Rather than unicorns, Folsom says that she is looking to build “zebras.” In a 2019 story on Zebras Unite, an organization building a community of zebra founders, zebras were described this way: “Because there are fewer financial incentives for investors to fund startups that are less focused on more traditional exit routes of either selling or going public, it can be hard to attract investors.”
Folsom says that is precisely why she is trying to help zebras because “they can have a significant impact and build wealth for both the community they serve, and the founders.”
Funding the fund
When she launched in 2015, Folsom struggled to find investment partners in spite of her impressive credentials. Initially, she says that most investors thought the idea of investing in diverse founders using the revenue-based model was too unorthodox and they didn’t want to take a chance. She started by investing her own money, then went to the people who had invested in her in the past.
“You know, when I started Founders First, and I said that I wanted to focus on funding diverse founders and I wanted to use a model that was more relevant for business owners, people thought I was crazy. So I had raised money in the past, and my early investors…were people largely who were betting on me and had bet on me in the past,” she said.
She went through a proof of concept in 2017 with 10 companies, and when that worked, she began looking for a Series A. Before that happened though, in 2019 she secured a $100-million credit facility from Community Investment Management, an organization that promotes inclusion through lending, a company that would seem to be a perfect match for Folsom’s goals.
The firm scored a Series A totaling $11 million this year with a $9 million chunk in March from The Rockefeller Foundation and the Surdna Foundation, followed by an additional $2 million in November from W.K. Kellogg Foundation, Pivotal Ventures (a Melinda French Gates company), the Schultz Family Foundation, and Arc Chicago, LLC.
She says that a growing awareness about institutional racism in the wake of George Floyd’s murder has definitely helped a firm like hers trying to increase diversity investing to raise capital. Yet, while the firm is based in San Diego, as were all her startups, she says that not one California institutional investor stepped up to participate in the round.
How it works
Folsom looks for companies that are beyond the ideation phase and are making some money already with some potential to grow with the right tweaks to the business model. She says that the founders must have the right amount of experience, expertise and a commitment to growth. In addition, the founding team has to be open to surrounding themselves with new people who can help drive that growth.
She said that they evaluate investments in companies based upon the strength and predictability of their revenues, but never ask founders to put up personal credit or assets. The company’s revenue acts as collateral.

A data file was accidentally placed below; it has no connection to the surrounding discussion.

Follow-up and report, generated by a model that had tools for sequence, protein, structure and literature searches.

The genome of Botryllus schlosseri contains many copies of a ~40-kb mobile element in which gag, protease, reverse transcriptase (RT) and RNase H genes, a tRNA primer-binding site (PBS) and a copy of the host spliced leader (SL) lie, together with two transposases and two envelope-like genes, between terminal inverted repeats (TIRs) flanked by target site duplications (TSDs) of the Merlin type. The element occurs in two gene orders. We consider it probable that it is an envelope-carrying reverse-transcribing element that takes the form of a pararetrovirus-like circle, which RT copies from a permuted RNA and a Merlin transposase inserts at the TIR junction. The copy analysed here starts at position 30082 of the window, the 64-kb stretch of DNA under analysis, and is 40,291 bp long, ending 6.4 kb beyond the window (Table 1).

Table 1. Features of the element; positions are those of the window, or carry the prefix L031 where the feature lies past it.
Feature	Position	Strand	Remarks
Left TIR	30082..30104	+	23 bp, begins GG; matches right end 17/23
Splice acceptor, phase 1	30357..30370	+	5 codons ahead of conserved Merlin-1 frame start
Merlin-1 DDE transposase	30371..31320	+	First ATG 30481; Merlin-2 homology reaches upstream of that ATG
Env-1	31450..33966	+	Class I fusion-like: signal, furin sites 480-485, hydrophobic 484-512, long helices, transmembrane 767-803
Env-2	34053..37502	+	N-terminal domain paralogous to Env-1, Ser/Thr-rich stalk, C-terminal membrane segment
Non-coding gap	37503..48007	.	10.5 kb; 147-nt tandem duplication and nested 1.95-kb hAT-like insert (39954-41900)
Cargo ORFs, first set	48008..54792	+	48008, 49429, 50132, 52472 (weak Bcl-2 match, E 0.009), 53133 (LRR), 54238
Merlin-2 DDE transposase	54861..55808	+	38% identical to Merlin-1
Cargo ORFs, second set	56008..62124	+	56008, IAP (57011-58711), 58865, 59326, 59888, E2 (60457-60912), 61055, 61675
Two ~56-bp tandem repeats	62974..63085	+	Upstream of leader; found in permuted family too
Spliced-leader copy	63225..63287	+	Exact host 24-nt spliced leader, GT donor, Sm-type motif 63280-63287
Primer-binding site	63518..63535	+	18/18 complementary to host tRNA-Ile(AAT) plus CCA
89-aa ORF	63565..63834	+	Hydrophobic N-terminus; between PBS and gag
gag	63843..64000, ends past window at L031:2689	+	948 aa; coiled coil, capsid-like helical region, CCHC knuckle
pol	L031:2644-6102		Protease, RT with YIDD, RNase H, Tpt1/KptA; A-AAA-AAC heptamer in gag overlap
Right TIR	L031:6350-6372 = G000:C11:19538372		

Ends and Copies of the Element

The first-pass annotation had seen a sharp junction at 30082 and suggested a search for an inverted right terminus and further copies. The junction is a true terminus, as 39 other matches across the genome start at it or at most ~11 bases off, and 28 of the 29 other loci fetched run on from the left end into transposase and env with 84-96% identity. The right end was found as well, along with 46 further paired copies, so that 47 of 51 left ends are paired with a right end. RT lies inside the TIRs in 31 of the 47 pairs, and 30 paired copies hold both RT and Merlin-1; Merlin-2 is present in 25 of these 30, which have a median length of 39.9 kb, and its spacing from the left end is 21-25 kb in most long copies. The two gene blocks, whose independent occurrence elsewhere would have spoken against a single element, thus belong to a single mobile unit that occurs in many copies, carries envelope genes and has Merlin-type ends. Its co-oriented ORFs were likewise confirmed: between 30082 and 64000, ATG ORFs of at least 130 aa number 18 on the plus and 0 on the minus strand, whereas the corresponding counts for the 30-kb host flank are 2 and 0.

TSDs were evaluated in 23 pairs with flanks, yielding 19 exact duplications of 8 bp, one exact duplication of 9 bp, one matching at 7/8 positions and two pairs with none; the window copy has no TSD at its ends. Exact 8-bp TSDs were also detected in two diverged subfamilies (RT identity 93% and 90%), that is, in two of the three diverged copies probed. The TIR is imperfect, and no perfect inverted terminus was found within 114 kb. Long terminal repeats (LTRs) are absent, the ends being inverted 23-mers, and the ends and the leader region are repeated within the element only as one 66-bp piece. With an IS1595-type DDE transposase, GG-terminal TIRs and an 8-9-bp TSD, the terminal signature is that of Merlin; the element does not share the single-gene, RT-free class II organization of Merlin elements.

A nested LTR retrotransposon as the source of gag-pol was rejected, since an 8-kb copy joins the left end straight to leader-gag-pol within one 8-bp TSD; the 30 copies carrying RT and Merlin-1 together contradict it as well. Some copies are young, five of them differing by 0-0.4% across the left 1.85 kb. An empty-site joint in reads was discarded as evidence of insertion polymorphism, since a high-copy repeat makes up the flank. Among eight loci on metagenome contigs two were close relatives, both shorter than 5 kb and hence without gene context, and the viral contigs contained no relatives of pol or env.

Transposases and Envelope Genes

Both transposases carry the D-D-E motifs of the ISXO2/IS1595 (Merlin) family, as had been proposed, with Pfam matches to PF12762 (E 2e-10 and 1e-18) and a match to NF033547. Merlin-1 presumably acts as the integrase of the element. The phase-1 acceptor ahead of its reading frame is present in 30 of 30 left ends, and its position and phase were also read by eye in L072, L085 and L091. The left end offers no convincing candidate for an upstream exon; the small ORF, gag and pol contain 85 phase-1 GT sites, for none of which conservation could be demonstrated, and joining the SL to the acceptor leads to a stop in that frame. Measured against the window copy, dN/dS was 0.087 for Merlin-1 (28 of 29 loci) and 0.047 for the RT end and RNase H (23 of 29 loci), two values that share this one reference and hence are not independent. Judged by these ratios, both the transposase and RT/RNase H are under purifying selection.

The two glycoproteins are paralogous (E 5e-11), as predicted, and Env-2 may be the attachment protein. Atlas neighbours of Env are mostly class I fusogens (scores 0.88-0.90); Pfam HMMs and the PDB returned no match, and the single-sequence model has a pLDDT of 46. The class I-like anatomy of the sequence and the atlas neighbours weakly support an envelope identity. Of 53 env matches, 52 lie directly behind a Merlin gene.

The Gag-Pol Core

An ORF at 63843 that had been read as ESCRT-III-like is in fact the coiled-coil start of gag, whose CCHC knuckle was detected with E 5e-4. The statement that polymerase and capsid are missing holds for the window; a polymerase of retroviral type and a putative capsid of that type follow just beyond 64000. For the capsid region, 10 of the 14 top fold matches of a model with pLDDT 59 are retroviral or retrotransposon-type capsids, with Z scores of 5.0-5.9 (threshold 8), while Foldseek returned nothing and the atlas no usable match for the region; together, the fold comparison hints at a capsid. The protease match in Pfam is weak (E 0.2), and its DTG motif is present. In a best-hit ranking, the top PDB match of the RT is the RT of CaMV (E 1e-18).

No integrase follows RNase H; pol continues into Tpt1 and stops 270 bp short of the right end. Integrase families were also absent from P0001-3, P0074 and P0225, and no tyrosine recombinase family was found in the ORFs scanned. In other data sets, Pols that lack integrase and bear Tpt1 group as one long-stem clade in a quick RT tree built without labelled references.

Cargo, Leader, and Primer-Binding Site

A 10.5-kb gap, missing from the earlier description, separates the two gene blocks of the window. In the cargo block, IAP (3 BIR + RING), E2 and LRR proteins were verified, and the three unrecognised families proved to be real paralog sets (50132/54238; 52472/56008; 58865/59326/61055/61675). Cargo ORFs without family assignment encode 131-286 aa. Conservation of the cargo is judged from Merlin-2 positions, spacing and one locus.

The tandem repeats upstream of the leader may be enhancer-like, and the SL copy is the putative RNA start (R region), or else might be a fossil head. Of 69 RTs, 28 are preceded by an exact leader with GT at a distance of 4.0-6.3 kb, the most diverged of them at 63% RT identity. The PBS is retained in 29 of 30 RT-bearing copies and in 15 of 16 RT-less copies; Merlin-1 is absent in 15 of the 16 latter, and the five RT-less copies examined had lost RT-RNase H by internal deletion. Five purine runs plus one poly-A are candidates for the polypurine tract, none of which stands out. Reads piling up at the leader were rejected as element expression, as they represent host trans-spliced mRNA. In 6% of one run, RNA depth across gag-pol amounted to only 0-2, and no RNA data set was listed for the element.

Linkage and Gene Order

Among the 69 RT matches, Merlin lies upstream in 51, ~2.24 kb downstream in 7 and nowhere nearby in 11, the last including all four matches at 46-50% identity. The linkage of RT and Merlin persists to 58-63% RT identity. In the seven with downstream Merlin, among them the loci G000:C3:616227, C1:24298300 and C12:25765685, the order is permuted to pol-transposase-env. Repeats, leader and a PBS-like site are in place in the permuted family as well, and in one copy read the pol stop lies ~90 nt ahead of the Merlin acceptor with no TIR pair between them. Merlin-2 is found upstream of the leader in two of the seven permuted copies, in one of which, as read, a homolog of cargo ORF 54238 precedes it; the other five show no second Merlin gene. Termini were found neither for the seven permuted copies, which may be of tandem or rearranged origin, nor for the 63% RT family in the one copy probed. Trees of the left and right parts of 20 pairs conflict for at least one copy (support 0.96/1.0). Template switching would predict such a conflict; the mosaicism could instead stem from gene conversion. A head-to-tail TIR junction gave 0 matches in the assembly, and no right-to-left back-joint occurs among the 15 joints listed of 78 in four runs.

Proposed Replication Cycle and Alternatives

The funded company pays back the “loan” based on an agreed-upon cap amount over a specific term, usually three years. “For Founders First, that cap can be 1.35 to 2X over that term. The company makes monthly payments using a percentage of sales revenue. That percentage is agreed upon that can range between 2 percent and 10 percent [of revenue],” she explained.
As an example of a success story using this model, she offers Klarinet Solutions, which provides managed services for Microsoft SharePoint and Office 365. The company had a mid-six figure income that had been flat for three years prior to teaming up with Founders. Founders helped create new revenue streams, including recurring revenue, resulting in 2.5x revenue growth in two years, while doubling the size of its staff.
Folsom is trying to use her expertise and experience to help other companies like Klarinet get access to funding to help them grow and develop their businesses in areas that typically are left behind when it comes to tech funding.
She wants people to understand that helping diverse founders is not a zero-sum game, certainly not with all the capital out there right now looking for a home. She understands from a lifetime of experience that the current climate pushing diversity and inclusion could change quickly. Folsom says that she has seen opportunity windows open in the past, only to close after a year or two, and she’s hoping it’s different this time.
“The window opens for a year, 18 months or two years and then it closes, and [I’m hoping that] this time when the window’s open, it’s not just going to be a [few people] that come out of it on the other side. We’ve got to be able to make it such that thousands of people do.”
Perhaps as firms like Founders First proliferate to help historically underrepresented groups gain access to more investment dollars, it will help keep that window wide open, creating wealth and jobs across communities that have been left behind in the past.